Steven Karl Zoltán Brust (born November 23, 1955) is an American Fantasy and Science Fiction author of Hungarian descent, best known for his Dragaera series, including the noirish Vlad Taltos cycle, and the Khaavren romances, a pastiche of Alexandre Dumas. He is a member of The Scribblies, a Minnesota-based writers group that also includes Emma Bull, Will Shetterly, Pamela Dean, and Patricia C. Wrede, some of whom he has collaborated with.
In addition to his writing, he was the drummer for the fantasy-oriented funk-rock band Cats Laughing, which also included Emma Bull.
- Cowboy Feng's Space Bar & Grille
- Dragaera series:
- The Vlad Taltos novels (15 so far)
- The Khaavren Romances (three or five novels, depending on how you count)
- Brokedown Palace (a standalone novel, loosely associated with the series)
- The Baron of Magistar Valley (Provides backstory to a character in the Taltos series.)
- Freedom and Necessity (with Emma Bull)
- The Gypsy (with Megan Lindholm)
- My Own Kind of Freedom (a novel based on the Firefly television series)
- The Sun, the Moon, and the Stars (a modern-day retelling of an old fairy tale)
- To Reign in Hell
- Good Guys (2018)
Tropes in works without their own page:
- As You Know: Subverted in Cowboy Feng's Space Bar and Grille: "Don't tell me what I already know."
- Cut His Heart Out with a Spoon: From Agyar, "I will draw forth thy bones one by one ere I send thee to the Devil, that for all time thy shapeless body shall serve as a carpet for the minions of hell."
- Does This Remind You of Anything?: The hags epidemic in Cowboy Feng's started in the 1980s, has no known cure or real treatments until the future Feng comes from, and victims are often treated with contempt and disgust, or outright violence in the case of the villains. This parallels the very real AIDS epidemic (and in fact Brust has outright said that the book came partially from his disgust at how victims were treated).
- Earth That Was: In Cowboy Feng's Space Bar and Grille, the staff of the eponymous time- and space-travelling restaurant is trying to find out, among other things, whether or not the Earth is still around and still viable. Nope. It was nuked.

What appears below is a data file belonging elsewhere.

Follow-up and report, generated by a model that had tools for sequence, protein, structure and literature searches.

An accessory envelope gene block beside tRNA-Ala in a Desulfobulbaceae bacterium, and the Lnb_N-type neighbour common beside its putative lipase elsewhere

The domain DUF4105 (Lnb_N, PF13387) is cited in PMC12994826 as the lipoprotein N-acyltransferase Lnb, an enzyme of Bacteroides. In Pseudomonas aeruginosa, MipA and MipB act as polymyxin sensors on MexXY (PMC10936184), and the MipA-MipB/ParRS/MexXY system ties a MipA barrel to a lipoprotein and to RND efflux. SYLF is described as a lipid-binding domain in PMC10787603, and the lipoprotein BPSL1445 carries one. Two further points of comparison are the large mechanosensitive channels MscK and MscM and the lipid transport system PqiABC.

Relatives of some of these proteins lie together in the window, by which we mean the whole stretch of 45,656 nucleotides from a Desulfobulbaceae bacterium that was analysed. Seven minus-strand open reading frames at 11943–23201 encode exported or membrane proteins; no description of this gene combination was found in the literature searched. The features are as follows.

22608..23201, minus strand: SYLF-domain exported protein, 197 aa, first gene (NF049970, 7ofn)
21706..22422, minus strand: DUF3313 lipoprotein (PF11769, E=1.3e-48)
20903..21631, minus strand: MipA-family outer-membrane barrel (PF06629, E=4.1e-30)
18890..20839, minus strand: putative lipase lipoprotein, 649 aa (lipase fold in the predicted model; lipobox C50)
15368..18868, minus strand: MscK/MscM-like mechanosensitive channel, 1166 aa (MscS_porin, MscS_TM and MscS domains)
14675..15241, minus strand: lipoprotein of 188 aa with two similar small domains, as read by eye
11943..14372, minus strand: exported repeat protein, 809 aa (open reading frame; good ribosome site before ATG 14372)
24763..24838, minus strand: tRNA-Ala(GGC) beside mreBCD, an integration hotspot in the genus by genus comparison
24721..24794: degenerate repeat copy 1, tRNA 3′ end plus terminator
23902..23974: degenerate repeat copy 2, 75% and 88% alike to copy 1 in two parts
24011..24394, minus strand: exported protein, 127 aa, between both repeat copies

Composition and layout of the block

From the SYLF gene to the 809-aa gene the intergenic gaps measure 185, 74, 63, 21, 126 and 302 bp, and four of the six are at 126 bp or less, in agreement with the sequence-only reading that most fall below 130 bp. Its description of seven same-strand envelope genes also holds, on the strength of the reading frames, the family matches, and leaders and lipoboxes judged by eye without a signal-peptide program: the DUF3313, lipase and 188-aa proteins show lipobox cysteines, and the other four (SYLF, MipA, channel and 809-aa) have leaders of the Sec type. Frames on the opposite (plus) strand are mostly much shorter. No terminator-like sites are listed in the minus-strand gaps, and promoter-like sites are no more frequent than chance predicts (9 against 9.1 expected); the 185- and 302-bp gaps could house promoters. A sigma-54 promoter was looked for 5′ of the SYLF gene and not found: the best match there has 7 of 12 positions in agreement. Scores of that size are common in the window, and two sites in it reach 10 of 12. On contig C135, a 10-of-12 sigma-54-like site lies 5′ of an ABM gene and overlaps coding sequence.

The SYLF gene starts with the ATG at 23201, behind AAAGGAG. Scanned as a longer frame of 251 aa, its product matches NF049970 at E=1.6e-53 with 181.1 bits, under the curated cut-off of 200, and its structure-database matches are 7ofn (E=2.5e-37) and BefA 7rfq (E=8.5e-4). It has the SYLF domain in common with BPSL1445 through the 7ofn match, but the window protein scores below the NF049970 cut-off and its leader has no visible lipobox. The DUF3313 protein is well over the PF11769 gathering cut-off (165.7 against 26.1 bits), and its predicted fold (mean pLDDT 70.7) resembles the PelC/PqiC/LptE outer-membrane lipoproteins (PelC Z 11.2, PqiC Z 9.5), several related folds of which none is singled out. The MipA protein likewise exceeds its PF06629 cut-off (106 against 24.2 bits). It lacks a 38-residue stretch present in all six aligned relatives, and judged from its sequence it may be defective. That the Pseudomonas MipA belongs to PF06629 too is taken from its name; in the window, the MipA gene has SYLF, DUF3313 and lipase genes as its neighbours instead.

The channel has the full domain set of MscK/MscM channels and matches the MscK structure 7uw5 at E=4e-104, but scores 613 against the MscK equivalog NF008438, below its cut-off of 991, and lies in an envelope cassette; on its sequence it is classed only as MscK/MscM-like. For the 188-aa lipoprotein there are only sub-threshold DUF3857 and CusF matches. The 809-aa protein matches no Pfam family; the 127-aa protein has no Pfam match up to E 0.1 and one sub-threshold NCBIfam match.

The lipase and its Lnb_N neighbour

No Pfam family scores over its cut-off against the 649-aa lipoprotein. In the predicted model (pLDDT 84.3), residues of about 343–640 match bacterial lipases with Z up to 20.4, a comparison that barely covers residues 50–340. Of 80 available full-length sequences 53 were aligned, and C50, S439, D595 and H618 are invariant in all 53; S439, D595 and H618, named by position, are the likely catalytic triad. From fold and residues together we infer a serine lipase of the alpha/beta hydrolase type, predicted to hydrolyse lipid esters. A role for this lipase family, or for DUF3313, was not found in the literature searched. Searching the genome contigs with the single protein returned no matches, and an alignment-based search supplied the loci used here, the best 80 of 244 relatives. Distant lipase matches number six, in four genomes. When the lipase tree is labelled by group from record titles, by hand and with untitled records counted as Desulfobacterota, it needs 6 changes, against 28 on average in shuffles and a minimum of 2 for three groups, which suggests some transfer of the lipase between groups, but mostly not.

- Future Imperfect: Invoked by the decor at Cowboy Feng's, to ensure that any genuine examples of historical incongruities will be dismissed as the restaurant's kitschy style.
- Inn Between the Worlds: In Cowboy Feng's Space Bar And Grille, the titular eatery jumps from world to world (and time to time) whenever an atomic bomb goes off nearby. And that's been happening a lot lately...
- Love at First Sight: Billy in Cowboy Feng's Space Bar and Grille falls hard for his love interest in the space of a couple days. Justified, as he's been nuked multiple times before the story even starts and discovers Earth is a smoking ruin early on, and tells the reader that he knows his deep feelings must come partially from an attempt to cope with that.
- Nothing Is Scarier: The symptoms of Hags disease in Cowboy Feng's Space Bar and Grille. It's 100% fatal for now, and people are terrified of it, but all readers know about what it does is a very dark joke one of the characters tells that implies it's horribly disfiguring.
- Not Using the "Z" Word: The vampiric narrator of Agyar never once uses the word "vampire", nor does he ever explicitly describe himself feeding on blood, though he does so many times. Agyar tells the story simply to put his thoughts on paper, and therefore does not explain anything that would be second nature to himself.
- Our Vampires Are Different: Agyar is about vampires, though the novel never actually calls them that or portrays the actual blood sucking. They're pretty classic vampires, with the central point being that a master can call and command its offspring.
- Super-Fun Happy Thing of Doom: The Big Bad of Cowboy Feng's Space Bar and Grille is an organization that has been systematically nuking humanity to cinders. They're called Sugar Bear.
- Unreliable Narrator: Billy Kevely never outright lies to the reader, but he tends to make omissions. Chiefly, that he's actually the Cowboy Feng, not a hapless banjo player along for the ride. An eagle-eyed reader may note that Billy is always very, very careful with his words when it comes to who knows the truth about the restaurant, in such a way that he never reveals he does nor outright claims he doesn't. The closest he gets to a flat lie is calling Earth his homeworld, and that's more a case of Exact Words—he considers Earth his homeworld because he's a human, not because he's from there.